Following the very same idea of the previous post, I've implemented the same stuff for x86. No worry about details — I am not a x86 fan and lover — except that there are few tests I've not done in the m68k version (namely the latter assumed the compressed stream is not corrupted). But it's just noise, not worth considering.
Intel x86 assembly instructions suck, but I admit I don't know it very well and likely I haven't used some cool feature and I don't know any cool feature which, once I'll know it, will make my mind change. Rants end.
Since x86 has not too many registers, and since I've used C library (compiled with nasm, linked with gcc/ld) and x86 calling conventions apply, and since I wanted to avoid special purpose registers (ECX, ESI, EDI…) as “global” variable storage, there are extra
pop to keep values between calls to library functions, while each coroutine assumes also that the register it's interested in, are not trashed.
The register EBP can be used for “shared” (or global) storage; in fact, I've used it to store the pointer to the token buffer, and the “continuation” address.
The yield/resume feature is done with this code (kept into a macro):
mov ebx,[ebp] mov dword [ebp],$+9 jmp ebx
First the next address is put into EBX, then it's replaced by the address of the instruction following the jump, then the jump to the address in EBX is performed.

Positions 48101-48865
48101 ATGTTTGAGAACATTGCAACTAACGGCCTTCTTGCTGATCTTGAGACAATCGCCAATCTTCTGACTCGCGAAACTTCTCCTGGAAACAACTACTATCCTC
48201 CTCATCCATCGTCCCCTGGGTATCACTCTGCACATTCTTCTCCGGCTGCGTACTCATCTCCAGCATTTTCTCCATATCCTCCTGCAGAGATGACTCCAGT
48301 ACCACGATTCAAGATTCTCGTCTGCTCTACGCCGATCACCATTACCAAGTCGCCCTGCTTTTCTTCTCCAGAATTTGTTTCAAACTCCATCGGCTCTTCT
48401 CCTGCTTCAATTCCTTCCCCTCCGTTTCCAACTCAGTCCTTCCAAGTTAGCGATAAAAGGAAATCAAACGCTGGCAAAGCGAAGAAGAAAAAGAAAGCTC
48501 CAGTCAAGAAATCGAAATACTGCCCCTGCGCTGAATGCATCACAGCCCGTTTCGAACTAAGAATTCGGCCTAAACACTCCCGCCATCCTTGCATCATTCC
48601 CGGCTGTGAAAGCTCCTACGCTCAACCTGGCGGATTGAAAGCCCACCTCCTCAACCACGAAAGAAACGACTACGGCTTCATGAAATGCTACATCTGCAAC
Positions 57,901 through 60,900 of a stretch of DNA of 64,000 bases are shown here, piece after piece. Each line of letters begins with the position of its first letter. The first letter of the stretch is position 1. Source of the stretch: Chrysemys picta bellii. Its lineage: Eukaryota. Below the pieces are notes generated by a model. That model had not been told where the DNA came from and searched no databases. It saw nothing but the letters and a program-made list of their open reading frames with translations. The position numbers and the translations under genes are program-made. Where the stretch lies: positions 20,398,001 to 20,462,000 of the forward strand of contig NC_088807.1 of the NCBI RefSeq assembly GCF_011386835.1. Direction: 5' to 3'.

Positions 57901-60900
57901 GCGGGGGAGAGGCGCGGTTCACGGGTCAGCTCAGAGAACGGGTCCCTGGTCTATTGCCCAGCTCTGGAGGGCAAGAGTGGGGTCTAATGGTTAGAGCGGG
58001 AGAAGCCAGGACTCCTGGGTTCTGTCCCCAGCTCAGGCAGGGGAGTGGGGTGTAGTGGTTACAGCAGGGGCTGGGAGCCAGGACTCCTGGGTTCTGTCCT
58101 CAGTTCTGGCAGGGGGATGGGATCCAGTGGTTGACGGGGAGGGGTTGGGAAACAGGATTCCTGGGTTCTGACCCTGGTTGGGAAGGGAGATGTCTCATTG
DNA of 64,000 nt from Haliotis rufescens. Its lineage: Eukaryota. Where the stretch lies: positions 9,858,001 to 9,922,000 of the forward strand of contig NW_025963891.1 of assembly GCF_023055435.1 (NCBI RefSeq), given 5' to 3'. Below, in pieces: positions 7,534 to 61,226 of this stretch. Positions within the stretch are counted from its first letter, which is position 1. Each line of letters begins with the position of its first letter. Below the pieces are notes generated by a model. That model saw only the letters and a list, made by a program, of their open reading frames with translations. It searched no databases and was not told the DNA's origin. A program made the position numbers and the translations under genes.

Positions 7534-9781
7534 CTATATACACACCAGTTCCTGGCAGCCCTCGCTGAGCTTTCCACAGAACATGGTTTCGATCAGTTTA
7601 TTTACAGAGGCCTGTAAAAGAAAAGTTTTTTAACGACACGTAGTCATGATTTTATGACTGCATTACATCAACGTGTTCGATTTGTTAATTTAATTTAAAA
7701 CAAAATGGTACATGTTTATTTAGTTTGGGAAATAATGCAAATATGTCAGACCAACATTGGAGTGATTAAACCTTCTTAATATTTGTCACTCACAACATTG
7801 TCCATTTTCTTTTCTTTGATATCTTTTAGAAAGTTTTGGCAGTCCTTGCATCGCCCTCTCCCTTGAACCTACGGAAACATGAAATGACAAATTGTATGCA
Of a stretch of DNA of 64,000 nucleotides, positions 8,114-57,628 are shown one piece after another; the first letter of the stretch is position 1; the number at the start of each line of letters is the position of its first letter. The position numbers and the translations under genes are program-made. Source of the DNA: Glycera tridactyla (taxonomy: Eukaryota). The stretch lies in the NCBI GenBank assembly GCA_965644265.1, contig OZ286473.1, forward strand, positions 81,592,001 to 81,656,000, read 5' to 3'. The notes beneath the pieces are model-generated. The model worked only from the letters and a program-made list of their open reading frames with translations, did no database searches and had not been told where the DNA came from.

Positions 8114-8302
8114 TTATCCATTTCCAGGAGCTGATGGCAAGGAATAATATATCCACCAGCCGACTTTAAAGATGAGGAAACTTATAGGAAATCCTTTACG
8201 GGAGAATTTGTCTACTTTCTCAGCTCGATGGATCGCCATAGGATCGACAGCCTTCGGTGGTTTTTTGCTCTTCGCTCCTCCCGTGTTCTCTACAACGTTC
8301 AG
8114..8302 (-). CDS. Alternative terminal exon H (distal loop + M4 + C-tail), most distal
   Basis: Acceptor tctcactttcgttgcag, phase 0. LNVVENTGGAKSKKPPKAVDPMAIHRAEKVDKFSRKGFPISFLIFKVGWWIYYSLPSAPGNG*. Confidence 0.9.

That's all. Readers interested in the whole code can find it at this gist, but I doubt it's worth it. It'd be far more interesting to study an implementation that could be used for really, as the result of compiling high level language code.
Different calling conventions can make it easier, but then you need extra code to call external functions — sticking to common C calling convention on a system is the key to access a lot of code without the need for any kind of glue — almost. Rants end, again; guess when they began.
This may work fine for two coroutines. Let's reason about a third coroutine. Does it work? No. If you need to create another cooperation, e.g. between the parser which extracts tokens (a “lexical scanner” indeed) and a grammar parser (i.e. a parser), you'll be fucked up.
E.g. our parser at some point, instead of
got_token, need to give control to another routine, namely the one which understands the grammar. Thus, for each coroutine pair we need a “slot” similar to the one in
[ebp]. A theoretical JCONT macro would be more complex, and take into account at least the coroutine we want to give control to. E.g.
parse: JCONT parse,getc test eax,eax ... .wend: mov eax,TWORD ; the grammar_parser'd like to have ptr to buffer too ; ... but this could be a global, as it is JCONT parse,grammar_parser ...
If there's a hashmap for each coroutine, then we need to initialize it first, and the somewhere likely we could need a reset too. The macro could look, in pseudocode, something like
get_slot_of %2 mov ebx,[ebp] mov dword [ebp],$+9 store_slot_for %1 jmp ebx
Just an idea, at a very late hour.